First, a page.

An evening with Ivor Tiefenbrun, founder of Linn

This past Thursday night Tom and Suzanne Unger graciously hosted Ivor Tiefenbrun at  Gifted Listener Audio in Centreville, Virginia along with about thirty of the store’s customers. The only “living member of the audio hall of fame” talked about how his experience as a young lad working in his father’s company and how that formed the foundations of his ‘fanaticism’ about hi-fi, which of course led to his own company, Linn. Their first product – the Sondek LP12 – sprung from an iconoclastic philosophy – that not only did the source matter, it was the most important part of the system: the garbage in, garbage out theory. Tiefenbrun developed this theory when he was dissatisfied that his first hi-fi, purchased soon after he married and moved into a new house devoid of most normal furnishings (understandable to all audiophiles), didn’t sound as good as his father’s. One experiment had him placing the turntable outside the room and remarkably he found that the sound improved. This flew in the face of the prevailing wisdom of the day, which perched loudspeakers at the top of the hierarchy when it came to system performance. He soon experimented with other ways to control vibrations from affecting the turntable and the rest is history.

I remember being a young lad myself (though memories are getting hazier with each passing day) and as a child of the mostly digital age, lusted after the Linn Sondek CD12, their masterwork in disc-based playback. Of course these days, digital streaming is making its mark on the public consciousness and Linn is right in the thick of it with some pretty impressive technical accomplishments, embodied in their latest music system on display that night. The primary system on demo was their more affordable Series 5 with the Klimax Exakt DSM feeding the 530 speakers. If you haven’t heard about the Exakt system, it’s a digital tour de force that combines software and hardware to reduce distortion and jitter to infinitesimally small levels – Tiefenbrun claimed that end-to-end jitter is an unbelievably low 4 ps! Their Space Optimisation technology finally lets the customer hear their system at its best, no matter how they place the speakers in the room or which room a system might be in. The Series 5 demo system sounded perfectly proportioned, neither warm nor clinical – simply right and wholly engaging. I’ve also had the pleasure of listening to the top-range Klimax Exakt system and it’s wondrous to behold in all its aesthetic and sonic beauty.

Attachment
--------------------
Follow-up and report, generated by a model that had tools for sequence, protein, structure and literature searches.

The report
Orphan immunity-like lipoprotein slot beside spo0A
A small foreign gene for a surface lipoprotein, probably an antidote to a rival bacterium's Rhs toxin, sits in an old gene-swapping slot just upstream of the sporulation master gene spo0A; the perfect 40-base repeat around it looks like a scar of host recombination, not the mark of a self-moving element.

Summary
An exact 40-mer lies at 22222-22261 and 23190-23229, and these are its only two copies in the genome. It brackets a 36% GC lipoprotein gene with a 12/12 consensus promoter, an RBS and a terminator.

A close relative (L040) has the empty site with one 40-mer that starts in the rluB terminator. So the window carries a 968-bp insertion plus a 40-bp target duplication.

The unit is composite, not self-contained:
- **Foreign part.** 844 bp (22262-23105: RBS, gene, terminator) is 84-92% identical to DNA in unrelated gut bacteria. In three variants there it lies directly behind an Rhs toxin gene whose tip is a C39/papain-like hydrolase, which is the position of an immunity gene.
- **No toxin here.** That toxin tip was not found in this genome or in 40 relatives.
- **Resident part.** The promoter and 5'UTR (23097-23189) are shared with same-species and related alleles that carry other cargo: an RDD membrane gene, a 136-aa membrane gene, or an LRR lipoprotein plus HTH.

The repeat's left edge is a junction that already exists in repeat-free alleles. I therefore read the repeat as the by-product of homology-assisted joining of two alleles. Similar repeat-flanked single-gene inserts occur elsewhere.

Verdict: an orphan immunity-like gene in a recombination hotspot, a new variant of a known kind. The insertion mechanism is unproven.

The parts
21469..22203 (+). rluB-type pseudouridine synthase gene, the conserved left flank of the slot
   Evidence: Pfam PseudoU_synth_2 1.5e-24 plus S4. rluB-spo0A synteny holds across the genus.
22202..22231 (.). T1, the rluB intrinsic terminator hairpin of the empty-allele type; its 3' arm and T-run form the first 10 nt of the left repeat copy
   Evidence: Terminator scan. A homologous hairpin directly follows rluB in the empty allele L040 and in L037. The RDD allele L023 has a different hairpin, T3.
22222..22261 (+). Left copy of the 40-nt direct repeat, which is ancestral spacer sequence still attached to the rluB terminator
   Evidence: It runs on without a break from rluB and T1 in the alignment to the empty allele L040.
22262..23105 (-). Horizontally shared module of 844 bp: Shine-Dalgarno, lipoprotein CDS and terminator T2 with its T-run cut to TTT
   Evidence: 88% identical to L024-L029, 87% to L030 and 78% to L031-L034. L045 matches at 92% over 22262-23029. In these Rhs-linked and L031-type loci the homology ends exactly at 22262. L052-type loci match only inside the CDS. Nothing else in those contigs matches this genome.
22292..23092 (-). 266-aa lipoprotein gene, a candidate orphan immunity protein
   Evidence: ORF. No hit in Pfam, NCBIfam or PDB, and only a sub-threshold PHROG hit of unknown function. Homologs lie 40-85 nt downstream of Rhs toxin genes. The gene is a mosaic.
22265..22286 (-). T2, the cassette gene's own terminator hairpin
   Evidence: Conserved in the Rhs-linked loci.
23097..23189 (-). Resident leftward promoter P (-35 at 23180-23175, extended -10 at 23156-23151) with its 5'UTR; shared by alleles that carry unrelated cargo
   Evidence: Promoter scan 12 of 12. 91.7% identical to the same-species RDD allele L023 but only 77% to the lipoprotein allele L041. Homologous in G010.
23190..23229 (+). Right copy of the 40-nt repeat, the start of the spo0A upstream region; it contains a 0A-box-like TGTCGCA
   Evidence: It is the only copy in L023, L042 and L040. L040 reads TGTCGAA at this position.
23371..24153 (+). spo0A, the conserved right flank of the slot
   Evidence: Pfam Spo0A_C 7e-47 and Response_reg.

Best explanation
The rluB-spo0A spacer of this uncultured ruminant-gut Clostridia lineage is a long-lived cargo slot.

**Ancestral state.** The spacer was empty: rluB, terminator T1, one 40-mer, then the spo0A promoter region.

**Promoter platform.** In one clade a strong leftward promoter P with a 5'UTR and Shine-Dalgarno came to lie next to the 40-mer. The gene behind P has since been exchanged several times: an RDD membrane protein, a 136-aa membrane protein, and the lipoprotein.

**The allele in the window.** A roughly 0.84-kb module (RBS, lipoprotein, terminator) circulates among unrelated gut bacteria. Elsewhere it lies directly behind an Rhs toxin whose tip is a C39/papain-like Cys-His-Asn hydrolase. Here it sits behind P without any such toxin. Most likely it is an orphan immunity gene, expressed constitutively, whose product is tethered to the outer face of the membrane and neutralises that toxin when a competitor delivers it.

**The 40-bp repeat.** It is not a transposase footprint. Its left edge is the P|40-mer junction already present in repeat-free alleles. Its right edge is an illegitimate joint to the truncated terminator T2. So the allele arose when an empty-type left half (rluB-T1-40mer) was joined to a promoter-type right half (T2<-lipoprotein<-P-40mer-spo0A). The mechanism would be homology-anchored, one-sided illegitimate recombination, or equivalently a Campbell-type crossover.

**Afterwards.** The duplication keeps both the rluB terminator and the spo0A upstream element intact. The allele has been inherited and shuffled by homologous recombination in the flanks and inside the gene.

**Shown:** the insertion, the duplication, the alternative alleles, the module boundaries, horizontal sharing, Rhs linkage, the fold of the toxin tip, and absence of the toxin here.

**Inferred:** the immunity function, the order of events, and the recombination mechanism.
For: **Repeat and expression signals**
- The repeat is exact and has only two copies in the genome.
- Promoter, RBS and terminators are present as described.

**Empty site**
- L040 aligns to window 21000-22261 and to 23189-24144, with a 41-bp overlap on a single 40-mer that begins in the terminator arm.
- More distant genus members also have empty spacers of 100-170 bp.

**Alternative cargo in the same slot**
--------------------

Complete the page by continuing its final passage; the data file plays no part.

During the Q&A session, Tiefenbrun showed no signs of mellowing – calling out MQA (Meridian’s latest foray into digital production and compression) as a proprietary format that’s set to fragment the market further. He also possibly shocked some in the audience with his contention that digitally sampled music could sound just as good if not downright superior to vinyl playback. (At least half of those in attendance owned a Sondek LP12 of some vintage.) When asked whether digital volume controls were better than analog ones, he again proferred a practical, engineering-based answer – who’d want a control with channel imbalance issues that degraded over time? Tiefenbrun also showed no signs of slowing down, even half-jokingly asking the audience if anyone was headed back to Baltimore that night. The reason? That was his next destination and if he couldn’t hitch a ride, he’d have to Uber it. He consistently lit up the room with such self-effacing humor as well as his sharp intellect.

Linn seems to be on solid footing. If I were a Linn customer, past or prospective, I’d have walked away with the distinct impression that Linn is well positioned to support past products as well as research and develop future music systems and components fit for the 21st century and beyond. Ivor stated upfront that Linn is an “extreme precision engineering” company. After hearing him speak and listening to  Linn’s newest system, I have no reason to doubt it.

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